You may notice that your Exchange 2000/2003 environment has difficulty routing and delivering mail. In the scenario I'm thinking about messages go into the Destination Unreachable queue. In other words, we have a way to get the message there, but the path we think we should be using is not available. Of the possible reasons for a messages ending up in the Destination Unreachable queue, I would like to specifically think of messages being “misrouted” to the Destination Unreachable queue because they are trying to use a deleted connector that fits the address space of the message with an appropriate cost. There obviously can be many causes of this an environment getting into this state considering the many things involved in the routing process. Problems can include Active Directory replication issues, DNS, network connectivity, Active Directory permissions issues, and Stale Link State to name a few. Link state is Exchange 2000/2003’s routing table and plays a big part in this scenario. The link state itself is maintained in memory and is not stored anywhere physically.

When a Routing Engine comes online it will discover the available topology based on the information it gathers from Active Directory first and then fallback onto the local Routing Group Master. After the initial pull from Active Directory a Routing Group Member will not go to Active Directory again unless REAPI.DLL is completely unloaded and reinitialized (typically by rebooting or restarting a number of services). A Routing Group Master however will maintain contact with Active Directory every hour for subsequent reads or DS callback notifications on changes in AD. A Routing Group Master also will update based on change requests it receives from Members or other Routing Group Masters and re-propagate the changes to its members. Transactions between Routing Group Members and the local Routing Group Master occur over a persistent connection on TCP port 691.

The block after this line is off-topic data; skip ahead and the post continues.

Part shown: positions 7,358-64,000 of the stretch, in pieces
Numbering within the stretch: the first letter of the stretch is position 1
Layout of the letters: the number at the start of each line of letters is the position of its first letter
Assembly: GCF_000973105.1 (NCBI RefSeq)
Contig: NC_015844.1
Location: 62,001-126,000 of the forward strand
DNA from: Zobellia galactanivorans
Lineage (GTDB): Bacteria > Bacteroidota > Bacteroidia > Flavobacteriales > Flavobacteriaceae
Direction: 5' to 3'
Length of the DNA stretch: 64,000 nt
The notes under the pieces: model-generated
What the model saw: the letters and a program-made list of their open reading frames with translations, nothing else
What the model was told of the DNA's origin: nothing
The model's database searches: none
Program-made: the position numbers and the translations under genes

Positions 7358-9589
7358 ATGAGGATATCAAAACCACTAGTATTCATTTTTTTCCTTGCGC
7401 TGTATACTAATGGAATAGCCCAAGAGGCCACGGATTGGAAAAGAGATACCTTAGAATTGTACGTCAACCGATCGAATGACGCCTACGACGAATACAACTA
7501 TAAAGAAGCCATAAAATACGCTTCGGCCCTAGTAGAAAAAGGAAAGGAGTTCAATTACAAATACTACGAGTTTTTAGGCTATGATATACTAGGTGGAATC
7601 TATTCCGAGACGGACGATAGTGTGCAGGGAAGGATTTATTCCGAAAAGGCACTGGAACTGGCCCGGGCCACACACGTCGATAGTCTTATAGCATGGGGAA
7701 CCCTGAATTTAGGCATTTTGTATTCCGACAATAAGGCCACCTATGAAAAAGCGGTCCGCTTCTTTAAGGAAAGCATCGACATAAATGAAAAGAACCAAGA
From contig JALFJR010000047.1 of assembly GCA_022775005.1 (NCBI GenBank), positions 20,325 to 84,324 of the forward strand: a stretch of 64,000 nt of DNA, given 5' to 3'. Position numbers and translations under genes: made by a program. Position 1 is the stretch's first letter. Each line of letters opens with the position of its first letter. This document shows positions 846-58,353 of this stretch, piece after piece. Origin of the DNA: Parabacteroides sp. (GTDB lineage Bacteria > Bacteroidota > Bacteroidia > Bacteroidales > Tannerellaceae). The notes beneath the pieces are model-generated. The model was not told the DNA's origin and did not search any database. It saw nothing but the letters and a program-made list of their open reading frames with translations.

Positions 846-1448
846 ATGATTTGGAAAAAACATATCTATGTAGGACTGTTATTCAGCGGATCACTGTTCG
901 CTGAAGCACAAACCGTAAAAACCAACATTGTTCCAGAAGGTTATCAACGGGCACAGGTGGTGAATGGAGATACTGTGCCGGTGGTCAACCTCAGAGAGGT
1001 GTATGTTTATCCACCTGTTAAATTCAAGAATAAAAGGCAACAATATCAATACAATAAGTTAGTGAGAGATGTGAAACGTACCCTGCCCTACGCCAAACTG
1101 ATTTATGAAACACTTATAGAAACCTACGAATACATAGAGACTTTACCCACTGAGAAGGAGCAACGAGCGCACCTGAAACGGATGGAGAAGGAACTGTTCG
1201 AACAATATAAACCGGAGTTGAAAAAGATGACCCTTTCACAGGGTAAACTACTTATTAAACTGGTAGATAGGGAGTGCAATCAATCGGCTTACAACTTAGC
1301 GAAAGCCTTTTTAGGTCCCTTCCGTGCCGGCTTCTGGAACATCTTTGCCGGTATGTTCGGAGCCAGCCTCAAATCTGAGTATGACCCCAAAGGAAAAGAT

When a Routing Group Member discovers a down link or a change in the link state that needs to be made, it will send that information to the local Routing Group Master. The local Routing Group Master is able to make changes to its Link State information and propagate those changes to all Members of their local Routing Group (via port 691) and also to other Routing Groups (via port 25). If a Routing Group Connector has multiple remote Bridgeheads then the local Routing Group Master may contact any of the remote Bridgeheads with the change. Whichever one it contacts will receive the change and update its own Link State table. Whenever a Member discovers a change in link status it will report the change to the Routing Group Master. Members normally are connected to the Routing Group Master with a persistent connection on TCP port 691. If this connection should not be available, the Member will try every two minutes to reestablish the connection. The master will process its State Change Queue and decide which notifications to discard and which ones need to be pushed to its members. The Routing Group Master will push every 5 minutes (in Exchange 2000) or every 10 minutes (in Exchange 2003). A push or pull between the Routing Groups will happen over port 25 utilizing the X-LINK2STATE verb OR over X400 if the Routing Group Connector is configured to use X400 instead of SMTP. If the MTA is used, the wrapper into REAPI does not enable full orginfo packets to go over it. What it allows for is an up/down Link State notification. If we fail to connect to a target it will mark the link down with something similar to: